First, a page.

We Will Follow the Financial Flows: Who are the new regenerative finance engineers of our bioregion—working inside CDFI funds, credit unions, and banks—inventing new, flexible, and more equitable ways to finance the enterprises of the regenerative economy, including alternative ownership models like worker cooperatives? We will be identifying them and authoring case studies of their best practices.
We Will Advocate for Regenerative Policymaking: We will identify the network of enlightened government leaders from the federal to the local level who are also creating the scaffolding around the emerging regenerative economy, as they formulate policies and legislation in support of it. We will illuminate them as a force to be reckoned with. We will cultivate relationships with them, share our regenerative narrative with them, and let them know what regenerative economy practitioners are telling us about the policy roadblocks they encounter.
We Will Share our Story: Hudson River Flows' primary community will be the local practitioners of the regenerative economy. However, through a deliberate strategy of outreach to and partnership with local, regional, and national media we will communicate our story to a broader audience hungry for alternative solutions.
The Science and Spirit of Hudson River Flows
The Hudson River Flows narrative will be framed in what we are learning from both the spirit of our bioregion's wisdom traditions and the science of energy flow networks about how healthy communities behave. What the science and these traditions reveal is that, like all natural systems, regenerative human communities thrive through continuous circulation of resources, knowledge, and learning. Under the right conditions and given the chance, they are surprisingly self-organizing and self-sustaining. Ultimately, and most critically, they are grounded in relationship, mutualism, collaborative learning, and reciprocity.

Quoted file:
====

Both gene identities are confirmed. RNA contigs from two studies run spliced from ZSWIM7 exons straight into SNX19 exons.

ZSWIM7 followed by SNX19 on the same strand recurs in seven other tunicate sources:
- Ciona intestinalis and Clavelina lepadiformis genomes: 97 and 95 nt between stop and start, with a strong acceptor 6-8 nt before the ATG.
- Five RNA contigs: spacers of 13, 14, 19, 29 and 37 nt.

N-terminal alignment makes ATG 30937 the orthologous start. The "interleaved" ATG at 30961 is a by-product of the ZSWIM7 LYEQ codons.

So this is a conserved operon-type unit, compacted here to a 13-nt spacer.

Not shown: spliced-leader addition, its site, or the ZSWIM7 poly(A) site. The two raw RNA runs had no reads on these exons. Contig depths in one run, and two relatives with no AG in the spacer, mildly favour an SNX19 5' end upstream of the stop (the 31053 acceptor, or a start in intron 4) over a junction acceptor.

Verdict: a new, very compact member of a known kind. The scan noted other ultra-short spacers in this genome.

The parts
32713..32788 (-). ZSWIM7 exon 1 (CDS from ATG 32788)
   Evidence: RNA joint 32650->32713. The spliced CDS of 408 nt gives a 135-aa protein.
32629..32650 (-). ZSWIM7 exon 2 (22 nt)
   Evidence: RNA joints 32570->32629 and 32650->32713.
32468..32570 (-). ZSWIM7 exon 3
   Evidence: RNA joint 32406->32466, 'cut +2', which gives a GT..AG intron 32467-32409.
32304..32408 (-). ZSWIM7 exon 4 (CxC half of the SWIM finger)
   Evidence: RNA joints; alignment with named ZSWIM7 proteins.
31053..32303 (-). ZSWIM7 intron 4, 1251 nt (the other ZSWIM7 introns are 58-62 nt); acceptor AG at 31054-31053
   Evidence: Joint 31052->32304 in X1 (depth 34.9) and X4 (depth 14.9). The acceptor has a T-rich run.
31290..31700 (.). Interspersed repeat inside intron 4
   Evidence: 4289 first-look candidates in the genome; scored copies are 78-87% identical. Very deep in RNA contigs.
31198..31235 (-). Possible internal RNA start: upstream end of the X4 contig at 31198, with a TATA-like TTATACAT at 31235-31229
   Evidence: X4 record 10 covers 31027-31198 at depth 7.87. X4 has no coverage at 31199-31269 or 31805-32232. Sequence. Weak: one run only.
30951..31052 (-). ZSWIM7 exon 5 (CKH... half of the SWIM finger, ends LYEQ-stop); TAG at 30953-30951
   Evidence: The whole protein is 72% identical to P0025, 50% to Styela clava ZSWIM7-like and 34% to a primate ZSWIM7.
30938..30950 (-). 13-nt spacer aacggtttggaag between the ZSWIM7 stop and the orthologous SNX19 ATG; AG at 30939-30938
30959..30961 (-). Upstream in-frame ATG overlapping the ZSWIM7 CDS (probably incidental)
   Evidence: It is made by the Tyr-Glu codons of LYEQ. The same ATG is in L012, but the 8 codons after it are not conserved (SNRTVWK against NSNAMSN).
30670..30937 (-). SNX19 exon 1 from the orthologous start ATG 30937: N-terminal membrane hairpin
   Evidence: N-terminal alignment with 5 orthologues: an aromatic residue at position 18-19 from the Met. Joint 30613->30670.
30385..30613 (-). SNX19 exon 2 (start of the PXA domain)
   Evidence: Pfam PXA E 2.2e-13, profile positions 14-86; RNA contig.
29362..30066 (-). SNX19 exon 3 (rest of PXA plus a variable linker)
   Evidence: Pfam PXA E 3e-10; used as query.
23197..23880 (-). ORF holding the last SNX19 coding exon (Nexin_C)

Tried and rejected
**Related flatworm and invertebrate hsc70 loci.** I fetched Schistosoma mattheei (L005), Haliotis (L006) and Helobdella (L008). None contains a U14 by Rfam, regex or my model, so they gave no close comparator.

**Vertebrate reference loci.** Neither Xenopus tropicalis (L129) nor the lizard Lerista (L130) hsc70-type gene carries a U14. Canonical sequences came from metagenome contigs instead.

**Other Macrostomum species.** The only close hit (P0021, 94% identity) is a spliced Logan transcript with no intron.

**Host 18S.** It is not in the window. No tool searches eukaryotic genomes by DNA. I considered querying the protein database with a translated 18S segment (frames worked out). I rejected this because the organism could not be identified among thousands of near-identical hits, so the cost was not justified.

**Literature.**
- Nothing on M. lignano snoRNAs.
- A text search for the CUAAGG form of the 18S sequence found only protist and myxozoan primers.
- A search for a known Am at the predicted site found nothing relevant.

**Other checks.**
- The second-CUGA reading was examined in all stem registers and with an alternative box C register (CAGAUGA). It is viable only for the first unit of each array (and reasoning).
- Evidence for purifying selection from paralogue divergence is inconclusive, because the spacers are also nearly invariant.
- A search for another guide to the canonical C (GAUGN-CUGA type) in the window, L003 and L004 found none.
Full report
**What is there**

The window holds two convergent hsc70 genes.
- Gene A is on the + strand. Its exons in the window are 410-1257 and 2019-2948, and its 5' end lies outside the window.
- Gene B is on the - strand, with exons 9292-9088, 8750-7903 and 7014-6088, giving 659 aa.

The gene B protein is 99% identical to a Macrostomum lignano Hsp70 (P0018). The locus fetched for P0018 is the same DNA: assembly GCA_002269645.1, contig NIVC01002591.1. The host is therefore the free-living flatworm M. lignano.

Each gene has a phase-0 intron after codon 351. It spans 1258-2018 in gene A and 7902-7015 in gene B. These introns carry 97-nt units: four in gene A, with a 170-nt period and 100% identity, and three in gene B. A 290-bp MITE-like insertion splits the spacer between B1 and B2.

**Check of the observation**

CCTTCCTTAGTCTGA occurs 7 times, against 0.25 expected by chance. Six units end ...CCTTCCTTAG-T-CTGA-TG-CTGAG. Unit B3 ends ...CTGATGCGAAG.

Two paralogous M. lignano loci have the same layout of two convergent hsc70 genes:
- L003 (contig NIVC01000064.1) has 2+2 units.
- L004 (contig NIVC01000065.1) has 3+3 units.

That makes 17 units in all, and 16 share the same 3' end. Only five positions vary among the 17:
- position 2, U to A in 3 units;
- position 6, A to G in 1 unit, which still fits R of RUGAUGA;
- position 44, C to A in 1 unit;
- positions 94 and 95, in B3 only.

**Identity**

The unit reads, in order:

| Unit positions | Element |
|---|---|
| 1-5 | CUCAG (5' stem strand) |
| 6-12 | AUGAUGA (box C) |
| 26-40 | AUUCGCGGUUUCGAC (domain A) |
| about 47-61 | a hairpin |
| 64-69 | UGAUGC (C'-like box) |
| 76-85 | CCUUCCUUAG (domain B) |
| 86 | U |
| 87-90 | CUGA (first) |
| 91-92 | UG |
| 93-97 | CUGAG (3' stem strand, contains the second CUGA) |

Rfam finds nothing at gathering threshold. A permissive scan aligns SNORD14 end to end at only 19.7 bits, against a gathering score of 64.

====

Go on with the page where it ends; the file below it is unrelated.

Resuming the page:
The Power of Place-Based Storytelling
Place-based storytellers are in close relationship with their landscapes and know how to find the stories hidden in them. They shine a light on the activity happening where they live that might otherwise go unheralded, because the people who are doing the good work are often just too busy to document it.
Place-based stories illuminate the challenges a community and the regenerative practitioners working in their midst face. But they also enable community members to truly see and value their collective assets, often hidden in plain sight. Stories show who is on to the solutions and where new approaches need to be tried and more resources brought to bear. They provide a blueprint for action.
For all these reasons, place-based storytelling has a central role to play in activating transformative change. Beyond observers and chroniclers, storytellers grounded in place are catalytic agents helping to shape how the stories of their communities unfold. They are patient listeners, trust builders, and connectors.
Hudson River Flows brings together an intergenerational, transdisciplinary collaborative of writers, thinkers, visual creatives, practitioners, and network entrepreneurs from all walks of life who are united in their passion to support the emergence of the regenerative economy where they live and through their work.
HUDSON VALLEY STORIES FROM
CAPITAL INSTITUTE'S FIELD GUIDE TO A REGENERATIVE ECONOMY
The river that flows both ways
A visit to Hawthorne Valley Farm in Columbia County and the Inwood Farmer's Market in Manhattan illuminates the link between rural and urban Hudson Valley.
OUR NEW HUDSON VALLEY STORY
We look forward to weaving the new narrative of the Hudson River Estuary bioregional economy. We will follow the connective threads and flows where they lead, as we reveal and support the self-organizing collaborators and activators shaping a new, regenerative economy in the Hudson Valley.